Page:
In hindsight, the boy geniuses’ acceptance speech holds some mysterious language, we again thank The Foundation for the Hearing Impaired for providing us a transcript of Willam’s acceptance speech:
[William Howitzer III] Thank you, thank you. I’d first like to thank Bingo the Bear, Zambezi The Elephant, and the late Dave Batson, without whom none of this would be possible.
[William Howitzer III] Howzies Frosted Crunch Animal Hour was an idea I had when I was only 9 years old. I liked bears, and I thought I’d like to see more of them. It’s been a wonderful experience. Thank You very much.
And that was all. He wouldn’t reappear on television for several years. He walked off stage and into his darker and more private years. Little is known of Williams whereabouts for the next number of years.
I would like to take a moment of your time to explain the following chapter. When researching this project, and the monumental characters contained therein, it became increasingly apparent that William’s Lost Years would provide me with a difficult task: How could I write about a figure whose formative years were so shrouded in mystery?
I have devoted many hours of research attempting to divine this information from dozens of sources. Unfortunately, very little information was gathered from these hours. I beg you to keep the following in mind while reading the remainder of this section: William had already graduated college, there are no further school records to assertain. Howzie’s Frosted Crunch was owned privately by William, it did not fall under the umbrella of the former Howitzer empire, which was a publicly traded company. Therefore, little is known of the company’s inner workings, there were no shareholder meetings, stock reports, SEC filings. There was simply William. William’s young, troubled mind.
His need for secrecy was instantly apparent, according to Kevin Rhoades, a former board member who, according to Rhoades, asked too many questions at the board meeting following the 22nd Annual Emmy Awards:
“The kid was out of his mind. He came back, said ‘From now on, what I say in this room goes, and what is said here, stays here. From now on, everything is dead quiet. Or else.’ or something to that effect. So I was just curious about what happened. GO BACK AND MAKE THE EVENT MORE EMOTIONAL. FLUTTERED HECTIC. So I ask him what happened. He says he doesn’t want to talk about it. I try not to press him, but I don’t know what he means by ‘dead quiet or else.’ so I ask him. And he says ‘you’re fired.’ And I was fired. By an eleven year old."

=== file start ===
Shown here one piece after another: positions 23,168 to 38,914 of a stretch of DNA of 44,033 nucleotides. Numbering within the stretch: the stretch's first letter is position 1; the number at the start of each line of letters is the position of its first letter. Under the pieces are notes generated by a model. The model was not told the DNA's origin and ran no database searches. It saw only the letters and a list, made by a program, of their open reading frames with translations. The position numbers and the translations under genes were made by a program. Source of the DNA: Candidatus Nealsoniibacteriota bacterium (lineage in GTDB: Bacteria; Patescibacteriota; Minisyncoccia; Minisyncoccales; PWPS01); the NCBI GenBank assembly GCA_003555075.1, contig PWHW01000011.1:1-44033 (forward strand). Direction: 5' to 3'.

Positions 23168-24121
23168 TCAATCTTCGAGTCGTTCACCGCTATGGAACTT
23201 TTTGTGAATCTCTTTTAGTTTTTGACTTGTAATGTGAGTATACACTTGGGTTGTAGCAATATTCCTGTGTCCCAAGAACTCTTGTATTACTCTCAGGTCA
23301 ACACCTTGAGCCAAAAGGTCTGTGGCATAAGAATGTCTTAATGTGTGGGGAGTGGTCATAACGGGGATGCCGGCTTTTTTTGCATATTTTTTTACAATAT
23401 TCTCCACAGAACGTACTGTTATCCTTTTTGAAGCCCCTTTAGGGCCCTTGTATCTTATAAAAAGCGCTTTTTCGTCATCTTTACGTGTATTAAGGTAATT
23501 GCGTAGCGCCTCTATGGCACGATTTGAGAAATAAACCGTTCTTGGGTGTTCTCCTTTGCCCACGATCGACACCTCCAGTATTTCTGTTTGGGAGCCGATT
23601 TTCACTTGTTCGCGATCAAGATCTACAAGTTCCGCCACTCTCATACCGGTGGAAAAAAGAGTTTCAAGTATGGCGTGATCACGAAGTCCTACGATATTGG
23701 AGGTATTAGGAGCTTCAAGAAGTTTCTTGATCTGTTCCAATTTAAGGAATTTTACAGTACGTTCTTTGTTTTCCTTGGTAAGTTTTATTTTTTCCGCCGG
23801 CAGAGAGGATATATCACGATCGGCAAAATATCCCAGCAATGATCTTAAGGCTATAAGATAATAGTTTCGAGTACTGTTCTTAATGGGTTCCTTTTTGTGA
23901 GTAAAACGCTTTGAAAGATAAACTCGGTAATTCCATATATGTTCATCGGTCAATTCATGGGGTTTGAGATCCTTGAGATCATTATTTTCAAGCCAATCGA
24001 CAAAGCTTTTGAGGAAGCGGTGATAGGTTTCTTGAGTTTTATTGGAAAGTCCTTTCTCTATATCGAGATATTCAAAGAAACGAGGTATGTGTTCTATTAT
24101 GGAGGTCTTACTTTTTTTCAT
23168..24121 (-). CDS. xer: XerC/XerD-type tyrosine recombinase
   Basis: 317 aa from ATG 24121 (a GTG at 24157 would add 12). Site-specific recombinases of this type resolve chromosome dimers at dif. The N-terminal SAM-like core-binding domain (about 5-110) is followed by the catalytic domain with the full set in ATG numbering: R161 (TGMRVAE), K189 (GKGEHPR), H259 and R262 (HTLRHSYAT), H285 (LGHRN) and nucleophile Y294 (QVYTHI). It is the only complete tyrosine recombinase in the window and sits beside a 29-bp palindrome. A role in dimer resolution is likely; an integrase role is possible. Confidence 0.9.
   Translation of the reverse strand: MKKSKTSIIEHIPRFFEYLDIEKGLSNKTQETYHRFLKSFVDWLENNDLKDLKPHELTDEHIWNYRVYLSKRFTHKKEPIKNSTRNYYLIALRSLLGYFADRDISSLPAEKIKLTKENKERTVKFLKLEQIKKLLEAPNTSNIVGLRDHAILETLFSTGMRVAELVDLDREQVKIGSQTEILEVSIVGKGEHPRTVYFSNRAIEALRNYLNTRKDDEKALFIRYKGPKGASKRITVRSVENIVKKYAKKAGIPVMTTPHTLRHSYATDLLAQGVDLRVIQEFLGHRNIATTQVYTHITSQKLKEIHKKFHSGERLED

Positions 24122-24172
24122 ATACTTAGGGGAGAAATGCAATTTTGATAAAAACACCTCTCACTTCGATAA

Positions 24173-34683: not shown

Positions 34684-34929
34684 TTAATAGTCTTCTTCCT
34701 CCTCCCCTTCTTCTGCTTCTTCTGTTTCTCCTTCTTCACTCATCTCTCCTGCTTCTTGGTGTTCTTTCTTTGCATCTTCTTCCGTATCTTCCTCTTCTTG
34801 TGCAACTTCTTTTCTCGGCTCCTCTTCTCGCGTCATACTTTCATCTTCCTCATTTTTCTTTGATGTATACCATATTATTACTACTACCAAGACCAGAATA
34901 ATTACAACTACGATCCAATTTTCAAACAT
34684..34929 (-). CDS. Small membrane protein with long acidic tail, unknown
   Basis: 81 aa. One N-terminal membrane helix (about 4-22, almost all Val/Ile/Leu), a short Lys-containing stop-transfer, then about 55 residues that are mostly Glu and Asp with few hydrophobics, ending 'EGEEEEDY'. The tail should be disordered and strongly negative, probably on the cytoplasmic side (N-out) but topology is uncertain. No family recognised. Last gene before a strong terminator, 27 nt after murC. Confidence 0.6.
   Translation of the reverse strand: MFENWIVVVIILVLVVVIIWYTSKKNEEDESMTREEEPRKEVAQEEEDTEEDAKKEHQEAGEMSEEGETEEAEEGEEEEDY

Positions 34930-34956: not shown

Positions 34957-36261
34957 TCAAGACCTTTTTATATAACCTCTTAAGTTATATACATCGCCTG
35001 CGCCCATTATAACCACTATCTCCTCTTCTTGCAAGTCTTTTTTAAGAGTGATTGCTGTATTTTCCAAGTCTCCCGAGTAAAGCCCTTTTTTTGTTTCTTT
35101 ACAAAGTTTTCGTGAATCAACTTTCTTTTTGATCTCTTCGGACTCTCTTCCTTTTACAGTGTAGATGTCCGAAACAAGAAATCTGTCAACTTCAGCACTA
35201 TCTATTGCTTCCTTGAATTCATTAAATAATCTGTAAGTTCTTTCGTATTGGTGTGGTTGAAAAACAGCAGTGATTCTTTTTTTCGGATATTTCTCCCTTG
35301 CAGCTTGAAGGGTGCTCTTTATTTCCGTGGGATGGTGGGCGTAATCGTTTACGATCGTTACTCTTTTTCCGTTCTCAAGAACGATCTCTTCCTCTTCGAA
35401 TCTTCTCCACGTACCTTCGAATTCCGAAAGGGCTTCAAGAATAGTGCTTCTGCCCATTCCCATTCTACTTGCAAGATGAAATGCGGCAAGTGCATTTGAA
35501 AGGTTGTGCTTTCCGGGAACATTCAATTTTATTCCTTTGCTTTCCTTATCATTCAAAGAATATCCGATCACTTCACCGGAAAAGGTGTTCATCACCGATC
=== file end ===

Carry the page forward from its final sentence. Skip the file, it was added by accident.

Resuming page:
The silence that reigned in the board room was, and remains, legendary. Following Rhoades’ dismissal, the boardroom operated on complete secrecy. It remains to this day. I’ve interviewed several of the former board members, several of the wives of the former board members and several of the surviving children of the former board members and none have been able to supply me with very much relevant information. The boardroom remains closed.
Further complicating the matter of William’s whereabouts during this time is that the American public’s fascination with William quickly faded after his final appearance. Had William made more of a formal statement, a grand farewell, his disapearance would have been as spectacular as his life had been to that point. Interest would have remained high, articles about his current whereabouts would circulate in every newspaper, tabliod print and barber shop across the country. However, William simply slipped past the curtain and out of the limelight for years. His exit was simple, unimpressive and not very memberable. He allowed his audience to watch his exit without their realizing how big of an exit it was.